Getting the Most from Your Employment Screening RFP: 12 Suggestions for Maximizing ROI
Posted: April 02, 2019
By Mary Poquette; Poquette Screening Solutions, LLC
Before starting my consulting company in 2014, I worked for an employment screening company (legally defined as a “consumer reporting agency” or CRA) for over 20 years. Through those years, I had the opportunity to do most CRA jobs, including responding to employer Requests for Proposal (RFPs) – the good, the bad, and the downright ugly ones!
An RFP is a significant investment of organizational resources – whether you are creating the RFP, responding, or analyzing the response. And like any investment, you seek to maximize your return. The best way to reap RFP benefits is by carefully identifying what you need and want to know and then crafting your questions to obtain the most meaningful, objective information possible.
Begin with the big picture. I suggest an RFP should solicit information in three categories:
- What products and services does the screening company deliver today?
- What evidence can the screening company provide to support their claims?
- What products and services does the screening company plan for the future?
To be clear, do not ask these three questions verbatim! They are much too broad, and you will receive dozens and dozens of pages of response (all organized differently!) from which to extract needed information. Instead, focus your questions on specifics and consider the following recommendations to get the most from your RFP efforts.
1. Provide Response Instruction for Your Employment Screening RFP
Be explicit about logistics, including as appropriate:
- Schedule, including response due date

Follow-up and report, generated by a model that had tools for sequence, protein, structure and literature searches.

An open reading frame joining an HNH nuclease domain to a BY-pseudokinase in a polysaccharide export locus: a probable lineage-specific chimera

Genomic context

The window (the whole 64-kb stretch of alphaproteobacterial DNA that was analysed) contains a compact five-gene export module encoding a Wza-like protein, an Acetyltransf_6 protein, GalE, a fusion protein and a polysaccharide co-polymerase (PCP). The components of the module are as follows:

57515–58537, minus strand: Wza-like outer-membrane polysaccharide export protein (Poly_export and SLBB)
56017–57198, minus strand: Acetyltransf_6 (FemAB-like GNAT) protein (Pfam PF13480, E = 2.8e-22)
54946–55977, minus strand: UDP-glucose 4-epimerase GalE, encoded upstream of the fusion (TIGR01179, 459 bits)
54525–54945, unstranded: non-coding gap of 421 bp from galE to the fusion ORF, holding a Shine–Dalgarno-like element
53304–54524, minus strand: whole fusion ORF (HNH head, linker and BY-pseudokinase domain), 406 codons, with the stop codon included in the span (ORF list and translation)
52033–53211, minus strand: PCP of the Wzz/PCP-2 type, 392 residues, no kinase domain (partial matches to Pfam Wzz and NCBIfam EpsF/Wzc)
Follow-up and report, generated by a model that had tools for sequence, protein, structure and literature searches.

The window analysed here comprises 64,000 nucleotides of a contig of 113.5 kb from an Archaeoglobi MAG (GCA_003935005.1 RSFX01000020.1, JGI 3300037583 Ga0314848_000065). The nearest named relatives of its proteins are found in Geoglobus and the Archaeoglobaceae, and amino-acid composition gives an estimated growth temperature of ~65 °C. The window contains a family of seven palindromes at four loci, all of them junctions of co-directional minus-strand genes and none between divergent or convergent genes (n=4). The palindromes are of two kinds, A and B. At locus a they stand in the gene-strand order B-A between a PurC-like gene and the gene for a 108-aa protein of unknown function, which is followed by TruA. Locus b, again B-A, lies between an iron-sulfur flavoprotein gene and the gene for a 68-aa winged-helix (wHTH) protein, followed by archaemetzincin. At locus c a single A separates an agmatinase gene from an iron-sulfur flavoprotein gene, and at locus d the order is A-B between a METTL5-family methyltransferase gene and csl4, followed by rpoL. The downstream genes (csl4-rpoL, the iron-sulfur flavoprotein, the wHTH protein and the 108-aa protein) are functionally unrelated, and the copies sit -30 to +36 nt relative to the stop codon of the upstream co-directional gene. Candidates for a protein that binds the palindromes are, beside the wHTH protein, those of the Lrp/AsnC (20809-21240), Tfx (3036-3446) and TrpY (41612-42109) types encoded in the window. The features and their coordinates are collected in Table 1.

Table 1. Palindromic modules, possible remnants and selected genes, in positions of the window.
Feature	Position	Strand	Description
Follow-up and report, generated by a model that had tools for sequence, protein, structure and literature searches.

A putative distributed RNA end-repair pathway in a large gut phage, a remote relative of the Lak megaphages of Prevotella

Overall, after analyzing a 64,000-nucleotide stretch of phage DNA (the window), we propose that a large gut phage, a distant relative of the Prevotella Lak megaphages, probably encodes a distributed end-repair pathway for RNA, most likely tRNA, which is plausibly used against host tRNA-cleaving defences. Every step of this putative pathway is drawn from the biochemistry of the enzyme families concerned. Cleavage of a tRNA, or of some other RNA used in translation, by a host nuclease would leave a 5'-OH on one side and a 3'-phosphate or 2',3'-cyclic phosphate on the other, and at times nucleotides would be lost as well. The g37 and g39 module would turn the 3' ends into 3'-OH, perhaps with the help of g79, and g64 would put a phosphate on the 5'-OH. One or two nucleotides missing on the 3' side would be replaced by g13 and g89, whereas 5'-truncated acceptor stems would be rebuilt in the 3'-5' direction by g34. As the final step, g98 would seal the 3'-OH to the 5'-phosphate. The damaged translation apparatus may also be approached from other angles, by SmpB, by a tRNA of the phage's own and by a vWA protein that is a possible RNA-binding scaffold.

- Required method of submission
- Confidentiality of information you are providing
- Who to contact with questions
- Signature of authorized company representative requirement
- RFP response will become part of contract
- Your standard terms and conditions; i.e., your right to withdraw RFP, response cost borne by respondent
- Presentation requirements; i.e., submission via e-sourcing tool
2. Provide Basic Information About Your Organization
Share basic information about your organization, including your industry and primary products and services offered. Identify your locations, including domestic and international. Identify the number of individuals screened annually and screening services, such as 1,400 background screens and 900 drug tests. The CRA needs to understand your anticipated volume to determine whether they can support your needs.
3. Number Questions or Items for Response
This seems obvious, but number the questions. Numbered questions (not bullets) allows both you and the respondent to easily reference a particular response.
4. Clearly Identify When a Response Is Needed
Sometimes an RFP will list requirements, but not ask whether a CRA can meet those requirements. If it is a point on which a response is needed, ask a question or clarify a response is needed.